Four Fun Facts About Pabst

What’s not to love about PBR? Award winning, affordable, and available in a Tall Boy. Pabst has it all, including a rich American history. Whether you’re interested in the rise and fall of PBR, or just want to know why Hipsters love it so much, check out these four lesser known facts about Pabst. If nothing else, they’ll make excellent conversation starters the next time you find yourself at a Bon Iver show.

Buy in Bulk

If flavor and affordability aren’t enough reason to love PBR, they recently started selling their beer in a 99 pack. That’s right, you heard me. I’ve got 99 problems, but a Pabst ain’t one. Unfortunately, you can’t just cruise down to the local liquor store and pick up a 99 pack. Unless of course, you live in Quebec. That seems to be the only region where the 99 pack is offered. Us Americans will have to stick ordering 6-packs online for now.

A New Name

Would a beer by any other name taste as sweet? Turns out, yes. Formerly known as “Best”, Pabst was renamed when the originator Jacob Best passed away and his son-in-law, Frederick Pabst took over. Probably for the best (pun intended). Best Blue Ribbon sounds more like part of a tongue twister than a beer you want to buy.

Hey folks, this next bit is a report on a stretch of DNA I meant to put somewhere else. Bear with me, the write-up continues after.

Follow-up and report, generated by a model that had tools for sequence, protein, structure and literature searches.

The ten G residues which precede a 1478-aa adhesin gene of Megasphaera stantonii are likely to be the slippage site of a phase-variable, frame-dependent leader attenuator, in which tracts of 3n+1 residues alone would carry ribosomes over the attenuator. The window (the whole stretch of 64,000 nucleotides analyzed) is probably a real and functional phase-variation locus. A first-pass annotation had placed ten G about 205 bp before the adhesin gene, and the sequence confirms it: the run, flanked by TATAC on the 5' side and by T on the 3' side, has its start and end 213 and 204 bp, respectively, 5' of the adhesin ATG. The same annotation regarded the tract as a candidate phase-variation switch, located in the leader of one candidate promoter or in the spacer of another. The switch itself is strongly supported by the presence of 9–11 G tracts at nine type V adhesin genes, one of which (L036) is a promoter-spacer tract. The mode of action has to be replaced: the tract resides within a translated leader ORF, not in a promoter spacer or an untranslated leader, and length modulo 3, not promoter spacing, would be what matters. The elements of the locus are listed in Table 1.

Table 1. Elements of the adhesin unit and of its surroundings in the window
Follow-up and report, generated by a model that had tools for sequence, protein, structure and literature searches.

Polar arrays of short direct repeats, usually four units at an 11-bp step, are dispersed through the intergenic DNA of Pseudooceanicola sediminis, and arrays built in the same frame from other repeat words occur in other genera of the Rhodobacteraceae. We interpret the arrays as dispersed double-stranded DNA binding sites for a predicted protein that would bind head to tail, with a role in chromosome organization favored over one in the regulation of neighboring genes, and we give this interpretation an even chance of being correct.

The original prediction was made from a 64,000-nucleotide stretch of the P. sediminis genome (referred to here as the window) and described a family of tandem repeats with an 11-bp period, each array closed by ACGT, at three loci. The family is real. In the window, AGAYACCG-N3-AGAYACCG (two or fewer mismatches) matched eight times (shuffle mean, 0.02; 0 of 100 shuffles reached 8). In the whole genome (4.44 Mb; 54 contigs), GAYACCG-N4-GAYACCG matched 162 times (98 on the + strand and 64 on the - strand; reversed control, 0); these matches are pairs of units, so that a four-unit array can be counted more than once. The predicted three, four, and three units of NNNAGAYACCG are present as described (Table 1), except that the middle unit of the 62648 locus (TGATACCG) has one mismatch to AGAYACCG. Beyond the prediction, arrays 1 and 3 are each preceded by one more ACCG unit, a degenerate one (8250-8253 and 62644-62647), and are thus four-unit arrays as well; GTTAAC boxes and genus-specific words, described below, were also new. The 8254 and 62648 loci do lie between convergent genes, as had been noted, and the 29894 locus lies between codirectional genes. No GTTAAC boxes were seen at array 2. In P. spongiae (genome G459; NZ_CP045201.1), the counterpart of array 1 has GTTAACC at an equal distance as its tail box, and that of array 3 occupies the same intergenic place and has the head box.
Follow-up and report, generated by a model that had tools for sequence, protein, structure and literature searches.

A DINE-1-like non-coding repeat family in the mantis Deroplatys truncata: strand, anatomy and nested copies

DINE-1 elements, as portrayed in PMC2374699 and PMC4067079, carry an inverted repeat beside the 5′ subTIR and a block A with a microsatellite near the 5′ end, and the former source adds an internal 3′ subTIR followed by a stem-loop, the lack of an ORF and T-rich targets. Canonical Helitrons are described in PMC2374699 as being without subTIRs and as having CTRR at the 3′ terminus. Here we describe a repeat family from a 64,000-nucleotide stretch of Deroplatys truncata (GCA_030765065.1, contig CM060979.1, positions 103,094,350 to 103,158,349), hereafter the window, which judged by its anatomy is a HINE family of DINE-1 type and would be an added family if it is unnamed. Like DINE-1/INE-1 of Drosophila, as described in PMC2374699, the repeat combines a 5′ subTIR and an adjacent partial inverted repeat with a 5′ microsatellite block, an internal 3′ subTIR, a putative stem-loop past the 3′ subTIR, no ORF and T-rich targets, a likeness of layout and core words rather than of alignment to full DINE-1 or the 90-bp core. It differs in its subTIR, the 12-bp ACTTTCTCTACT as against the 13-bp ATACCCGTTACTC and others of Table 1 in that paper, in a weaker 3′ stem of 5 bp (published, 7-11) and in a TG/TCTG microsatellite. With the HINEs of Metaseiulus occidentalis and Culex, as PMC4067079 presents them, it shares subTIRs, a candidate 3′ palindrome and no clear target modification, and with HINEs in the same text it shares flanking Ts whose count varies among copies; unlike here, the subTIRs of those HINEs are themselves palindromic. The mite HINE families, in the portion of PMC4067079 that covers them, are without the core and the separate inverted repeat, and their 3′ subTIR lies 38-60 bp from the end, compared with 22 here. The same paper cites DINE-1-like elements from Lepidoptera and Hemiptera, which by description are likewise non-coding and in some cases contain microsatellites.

Hipster Beer


They’re marketing geniuses when it comes to the Hipster crowd. Seriously. As a company who saw their sales peak in the 1970s and bottom out in the early 2000s, they needed a niche to stay viable. They found that niche with the hipster crowd. They nurtured it by sponsoring hipster-filled events like indie music festivals. They also sponsor post-collegiate sports teams (for those who don’t go pro) and facial hair clubs. Hipsters love a good beard, even more with an affordable brew. Pabst also advertises in dive bars and on NPR’s All Things Considered. They even post fan-art on their social media. With their marketing genius, they’ve been able to float a sunken ship. Of course, Hipsters love an underdog.

Why "Blue Ribbon"?


After receiving multiple awards in the late 1800s, Pabst began tying a blue ribbon to every bottle of their Pabst Select brew. They discontinued the tradition in 1916 due to a silk shortage during World War I. After Prohibition ended, Pabst continued their tradition of trying a blue ribbon to every bottle until 1950. The ribbon became a part of their name, marketing, and advertising, forever branded as Pabst Blue Ribbon, or simply PBR.

Pabst Gets Saucey

You might not be able to get a 99 pack, but you can start with 24, delivered to your door. First time users get $10 off with code ReadingRoom.

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